Explosive allegations have been made in a book about corporate estate agency involving drugs, sex and bent deals.
No agency is named in the book, Sex, Drugs and Property, written by an estate agent who is only identified as Agent X.
He or she is someone said to be working on the front line of an estate agency that is not named.
The book is described as a collection of tales of sordid shenanigans in offices both during and after work, including drug use and trading sexual favours in exchange for pay rises.
It claims to lift the lid on sleazy goings-on that the world of corporate estate agency will not want anyone to know about. It warns customers that the book will tell them what really goes on in their house when the agents are left alone and what happens in their offices after dark.
The book alleges that the industry is plagued with liars, drug addicts and sex addicts. But the author also says that while agents are flawed as people, they are also hard-working, dedicated and humorous – although often ****** up.
The person who brought it to our attention on strict condition of anonymity says he happened to read the book after being sent it by a friend.
He told us he currently works for a large organisation in the estate agency world – and is convinced that not only do the allegations ring true but the people in the book are his own colleagues.
The book, available on Amazon, has an Afterword which says: “I have heard many a description or viewpoint on estate agency and agents alike, and to be honest, none of them are particularly flattering: “pond life” being one, a “necessary evil” being another.
“In fact, I believe had it not been for the 2008 recession and bankers coming out of that looking so bad, we would still be seen as the lowest of the low.
“Thank God for the banker and their billion pound bonuses.
“The last thing the industry needed in its fight to improve its image was a book like this one, written by an estate agent about the dodgy goings on behind the scenes.
“Though I go back to the first part of this hook, there is no way our industry is the only one where affairs happen, drugs are used and deals are not always above board.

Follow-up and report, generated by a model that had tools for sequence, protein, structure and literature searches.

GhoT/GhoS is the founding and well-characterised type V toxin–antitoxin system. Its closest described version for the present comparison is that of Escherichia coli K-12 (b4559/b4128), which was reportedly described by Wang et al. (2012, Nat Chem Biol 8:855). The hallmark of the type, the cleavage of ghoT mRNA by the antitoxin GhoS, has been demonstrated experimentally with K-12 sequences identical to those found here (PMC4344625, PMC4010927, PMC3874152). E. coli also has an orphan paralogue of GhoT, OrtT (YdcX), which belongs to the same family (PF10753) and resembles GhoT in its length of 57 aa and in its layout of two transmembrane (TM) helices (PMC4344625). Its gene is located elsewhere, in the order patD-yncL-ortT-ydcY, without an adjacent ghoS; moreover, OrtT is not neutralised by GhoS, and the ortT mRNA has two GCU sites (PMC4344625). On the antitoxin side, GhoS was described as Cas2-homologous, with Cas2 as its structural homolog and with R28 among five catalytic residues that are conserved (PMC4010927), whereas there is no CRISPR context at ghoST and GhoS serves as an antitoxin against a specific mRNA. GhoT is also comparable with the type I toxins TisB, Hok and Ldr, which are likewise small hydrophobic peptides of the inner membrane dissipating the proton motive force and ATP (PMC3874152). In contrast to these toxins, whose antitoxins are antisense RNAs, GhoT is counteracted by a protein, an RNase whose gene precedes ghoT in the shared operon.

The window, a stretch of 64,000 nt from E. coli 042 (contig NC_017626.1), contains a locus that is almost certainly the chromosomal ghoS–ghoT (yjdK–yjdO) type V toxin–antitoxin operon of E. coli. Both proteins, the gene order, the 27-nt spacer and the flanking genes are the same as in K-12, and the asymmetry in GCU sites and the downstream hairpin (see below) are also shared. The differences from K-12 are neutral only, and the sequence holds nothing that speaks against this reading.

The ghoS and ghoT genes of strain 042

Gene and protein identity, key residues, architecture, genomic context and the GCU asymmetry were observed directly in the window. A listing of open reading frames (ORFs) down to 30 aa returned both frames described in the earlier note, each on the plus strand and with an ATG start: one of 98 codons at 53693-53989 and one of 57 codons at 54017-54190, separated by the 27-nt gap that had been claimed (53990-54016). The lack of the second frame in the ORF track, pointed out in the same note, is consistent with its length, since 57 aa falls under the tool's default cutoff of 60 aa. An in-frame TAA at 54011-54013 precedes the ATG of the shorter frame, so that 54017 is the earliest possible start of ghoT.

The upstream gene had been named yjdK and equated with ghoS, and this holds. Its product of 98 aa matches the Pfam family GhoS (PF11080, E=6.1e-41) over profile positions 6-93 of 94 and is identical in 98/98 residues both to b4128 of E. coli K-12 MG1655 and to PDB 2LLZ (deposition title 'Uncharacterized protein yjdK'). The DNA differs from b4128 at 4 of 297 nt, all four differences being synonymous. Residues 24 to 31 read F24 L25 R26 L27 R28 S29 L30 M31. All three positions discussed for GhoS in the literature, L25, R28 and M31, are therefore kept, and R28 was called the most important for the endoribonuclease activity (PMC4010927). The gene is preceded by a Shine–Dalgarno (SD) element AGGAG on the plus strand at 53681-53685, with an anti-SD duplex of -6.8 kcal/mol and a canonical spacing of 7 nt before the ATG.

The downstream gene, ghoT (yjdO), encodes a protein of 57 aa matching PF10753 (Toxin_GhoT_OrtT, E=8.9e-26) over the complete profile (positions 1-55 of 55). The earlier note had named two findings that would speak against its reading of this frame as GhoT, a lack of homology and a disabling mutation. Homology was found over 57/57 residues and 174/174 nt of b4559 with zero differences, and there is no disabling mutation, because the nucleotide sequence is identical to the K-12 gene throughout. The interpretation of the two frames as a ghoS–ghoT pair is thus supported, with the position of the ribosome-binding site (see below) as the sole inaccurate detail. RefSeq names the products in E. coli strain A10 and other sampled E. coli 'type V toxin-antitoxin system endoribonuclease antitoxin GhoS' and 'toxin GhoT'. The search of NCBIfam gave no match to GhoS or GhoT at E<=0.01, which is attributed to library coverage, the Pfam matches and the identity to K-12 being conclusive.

“The company I worked for, I haven’t named once in this book.
“However, I am sure when I use the term ‘retail’, those in the industry will know exactly who I am talking about.
“Still, I won’t mention the name … I don’t want to be sued and they still employ me.”
The author says elsewhere: “Of course, if you read the industry press, it may be blindingly obvious which company I work for.”
And he or she continues: “The reason I hint at it now is to sum up my view on the industry I still work in, the industry that has treated me well and, in my opinion, is one that is needed.
“The property industry, estate agency, is a service industry. It is not retail. It is a service.”
The author continues: “When I started working for this large firm, it was an old-school estate agents … it was run by old school men who appointed slightly younger men than them into middle management, all of whom were tasked with the simple job of making as much money as possible and having a little bit of fun along the way.
“The middle management guys were given flashy cars and told to create exact replicas of themselves who could take over in years to come.
“A blind eye was turned to sexual harassment, drug use, drink driving, desks being used to get a ********…
“In my short term as a negotiator before going into management, I made the company just over £300,000 in two and a half years. No wonder they turned a blind eye to my affair. And that was just me.”
The author claims managers were surviving on a diet of Red Bull, vodka and coke.
The author also says they left the un-named company but then did what he or she had sworn they would never do, and went crawling back to the corporate world, the buzz, plaudits and long hours: “It is a drug, and I am addicted.
“I realise why estate agents are hated and are seen as a necessary evil. It is because they will do anything to get the job done.
“We are all sharks.”
The author also talks about colleagues who have left under a very dark cloud, with the standard announcement always suggesting that after many years of service [insert name] has gone off to pursue another venture.
Elsewhere the author alleges that cocaine use remains a major problem.